Although there was some interest in testing for adult-onset conditions, this was lower compared with other groups of traits and conditions. There was a higher rate of negative views for non-preventable adult-onset conditions compared with preventable ones. Most respondents indicated that they were unlikely to consider TOP for both groups of conditions, although the rate of negative views was higher in relation to TOP for preventable than non-preventable adult-onset conditions (p=0.00001, figure 3). However, in open-ended responses, multiple respondents (n=12) listed several adult-onset conditions that NIPT should be available to test for. There was a focus on neurodegenerative conditions such as Huntington disease, multiple sclerosis, motor neuron disease and Parkinson disease.

In terms of psychiatric and neurodevelopmental disorders, there was less interest in screening for impulse control disorders such as ADHD (p<0.0001) and antisocial traits (highest p value of 0.017) than either autism or mental illness. Respondents were generally not interested in TOP based on impulse control disorders. They also lacked interest towards TOP based on antisocial traits, but to a significantly lesser extent than for impulse control disorders (p<0.0001), with 14% (32/229, figure 3) responding they would consider TOP based on the presence of antisocial traits. This proportion is fourth overall in levels of interest as a basis for TOP, comparable to low-functioning autism.

There was the least amount of interest in testing for non-medical traits such as intelligence, with an overwhelming negative response to all three questions. Only one respondent indicated they would consider TOP on this basis (1/231, 0.4%, figure 3) and 79.2% of respondents (183/231) specifically indicated that they would ‘definitely not’ do so. In text responses, several respondents (n=7) indicated NIPT should specifically not be available for traits such as height and eye, skin and hair colour.

Comments on general criteria for testing

Accuracy and certainty

Multiple respondents highlighted the uncertainty of NIPT results as an important factor in whether NIPT should be available to test for something, as well as emphasising the importance of a definitive result.

‘Accuracy of test results is key.’ (#55)

‘I think it should only be used for conditions that can be identified with some certainty on genetic testing.’ (#21)

Impact on quality of life

Several respondents highlighted both clinical severity of the condition and impact on the child’s quality of life as well as the impact it could have on the parents’ lives and their capacity to care for the child.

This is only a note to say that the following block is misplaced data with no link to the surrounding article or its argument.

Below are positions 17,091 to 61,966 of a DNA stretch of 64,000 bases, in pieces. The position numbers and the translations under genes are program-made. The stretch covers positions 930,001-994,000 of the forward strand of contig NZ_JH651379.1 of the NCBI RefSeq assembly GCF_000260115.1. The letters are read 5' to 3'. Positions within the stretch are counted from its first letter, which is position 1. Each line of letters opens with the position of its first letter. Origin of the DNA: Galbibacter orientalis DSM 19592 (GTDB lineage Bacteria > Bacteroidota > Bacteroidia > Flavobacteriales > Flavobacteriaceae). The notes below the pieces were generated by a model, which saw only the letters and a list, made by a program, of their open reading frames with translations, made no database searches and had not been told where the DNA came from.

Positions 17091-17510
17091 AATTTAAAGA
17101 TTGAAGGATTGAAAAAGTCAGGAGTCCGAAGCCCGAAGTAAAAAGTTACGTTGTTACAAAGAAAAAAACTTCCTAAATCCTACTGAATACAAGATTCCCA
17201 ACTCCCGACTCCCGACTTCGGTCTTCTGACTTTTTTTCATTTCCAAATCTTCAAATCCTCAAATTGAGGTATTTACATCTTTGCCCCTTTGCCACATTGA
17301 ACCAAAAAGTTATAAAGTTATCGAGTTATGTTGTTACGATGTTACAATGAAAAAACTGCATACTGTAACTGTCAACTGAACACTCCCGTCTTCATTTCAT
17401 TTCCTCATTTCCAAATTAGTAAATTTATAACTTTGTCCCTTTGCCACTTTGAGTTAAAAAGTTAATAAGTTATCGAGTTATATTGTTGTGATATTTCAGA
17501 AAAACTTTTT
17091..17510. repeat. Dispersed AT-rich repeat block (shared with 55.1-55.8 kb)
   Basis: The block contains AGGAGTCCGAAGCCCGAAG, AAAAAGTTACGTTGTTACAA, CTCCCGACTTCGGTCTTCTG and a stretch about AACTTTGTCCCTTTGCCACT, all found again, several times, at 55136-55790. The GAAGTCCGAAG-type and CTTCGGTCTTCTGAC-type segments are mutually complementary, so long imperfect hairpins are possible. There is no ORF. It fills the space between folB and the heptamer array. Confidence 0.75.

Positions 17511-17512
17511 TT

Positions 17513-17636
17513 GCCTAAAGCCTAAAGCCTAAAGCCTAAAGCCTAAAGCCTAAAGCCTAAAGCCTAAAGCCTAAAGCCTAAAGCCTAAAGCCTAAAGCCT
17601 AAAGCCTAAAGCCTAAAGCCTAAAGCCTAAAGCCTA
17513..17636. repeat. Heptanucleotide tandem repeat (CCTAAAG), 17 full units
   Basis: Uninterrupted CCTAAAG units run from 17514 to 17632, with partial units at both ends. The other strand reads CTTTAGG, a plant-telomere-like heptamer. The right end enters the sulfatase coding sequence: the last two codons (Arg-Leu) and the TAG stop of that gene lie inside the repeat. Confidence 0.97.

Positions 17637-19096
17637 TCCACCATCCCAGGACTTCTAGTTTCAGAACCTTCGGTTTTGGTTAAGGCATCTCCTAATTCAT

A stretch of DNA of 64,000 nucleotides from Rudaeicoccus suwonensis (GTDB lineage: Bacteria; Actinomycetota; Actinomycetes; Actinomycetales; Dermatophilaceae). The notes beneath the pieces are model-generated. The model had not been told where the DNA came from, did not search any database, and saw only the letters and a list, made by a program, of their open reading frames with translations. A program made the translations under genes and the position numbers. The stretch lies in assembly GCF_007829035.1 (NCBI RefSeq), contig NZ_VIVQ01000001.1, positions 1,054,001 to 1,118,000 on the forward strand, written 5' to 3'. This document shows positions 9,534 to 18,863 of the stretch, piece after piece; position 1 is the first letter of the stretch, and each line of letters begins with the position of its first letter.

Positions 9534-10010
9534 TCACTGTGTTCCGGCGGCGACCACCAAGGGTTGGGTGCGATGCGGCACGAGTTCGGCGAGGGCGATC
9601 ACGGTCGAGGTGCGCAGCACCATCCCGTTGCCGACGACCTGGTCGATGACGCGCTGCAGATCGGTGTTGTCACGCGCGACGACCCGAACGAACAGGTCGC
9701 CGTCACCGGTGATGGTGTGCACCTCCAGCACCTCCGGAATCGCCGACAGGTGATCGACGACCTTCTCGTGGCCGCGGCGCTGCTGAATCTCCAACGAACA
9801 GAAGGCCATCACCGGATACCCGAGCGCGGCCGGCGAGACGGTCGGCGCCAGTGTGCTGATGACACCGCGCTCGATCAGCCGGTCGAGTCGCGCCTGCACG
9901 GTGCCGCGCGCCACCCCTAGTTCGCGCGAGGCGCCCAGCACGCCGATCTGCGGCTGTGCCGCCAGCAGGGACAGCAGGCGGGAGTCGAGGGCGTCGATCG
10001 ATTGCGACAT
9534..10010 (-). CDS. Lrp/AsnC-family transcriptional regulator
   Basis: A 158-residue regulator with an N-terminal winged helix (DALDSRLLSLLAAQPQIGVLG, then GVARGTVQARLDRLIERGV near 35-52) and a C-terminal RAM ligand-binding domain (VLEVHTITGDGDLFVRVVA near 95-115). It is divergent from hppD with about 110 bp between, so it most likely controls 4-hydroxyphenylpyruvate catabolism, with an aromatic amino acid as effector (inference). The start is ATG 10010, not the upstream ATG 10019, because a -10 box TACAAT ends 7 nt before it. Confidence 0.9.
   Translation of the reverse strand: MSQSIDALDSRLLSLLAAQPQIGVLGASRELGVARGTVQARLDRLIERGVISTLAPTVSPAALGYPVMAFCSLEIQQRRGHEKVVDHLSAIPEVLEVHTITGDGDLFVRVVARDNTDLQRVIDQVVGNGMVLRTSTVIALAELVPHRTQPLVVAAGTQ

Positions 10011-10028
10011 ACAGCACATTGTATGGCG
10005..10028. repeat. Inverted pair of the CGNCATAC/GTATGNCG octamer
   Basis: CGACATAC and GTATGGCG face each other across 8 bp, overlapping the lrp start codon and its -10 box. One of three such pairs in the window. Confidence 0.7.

I feel this test should only be for severe disabilities, resulting in birth defects, stillborn, extremely poor quality of life for child, and if the birth of the child would result to extreme hardship for the parents.’ (#195)

Early intervention

Early diagnosis and opportunities for early intervention were seen as very useful possibilities for NIPT.

I am more strongly in favour of NIPT due to the value I see in early intervention. While difficult to measure I do believe strongly in plasticity in young children and thus in the ability to encourage certain outcomes if a diagnosis is made early.’ (#53)

Issues with testing for adult-onset conditions

Although multiple respondents mentioned neurodegenerative conditions such as Huntington disease as possible targets for screening, several respondents expressed concerns possibly underlying the lower level of interest in testing for adult-onset conditions seen in the quantitative data.

I don’t think it should be available for conditions with typical onset beyond childhood…Late onset conditions give no consideration of medical advancement between NIPT and actual diagnosis which could be 70+years.’ (#55)

if we do have…full understanding of every condition that our child may have an increased risk of - would this change the way I parent? And could it become a self fulfilling prophecy? Sometimes, is it better not to know certain things, so your children all grow up being treats (sic) equally. (#140)

Designer babies and ‘too much’ testing

Numerous respondents highlighted anxieties around expanding screening to encompass too many traits and encouraging ‘designer babies’, particularly in the context of non-medical traits.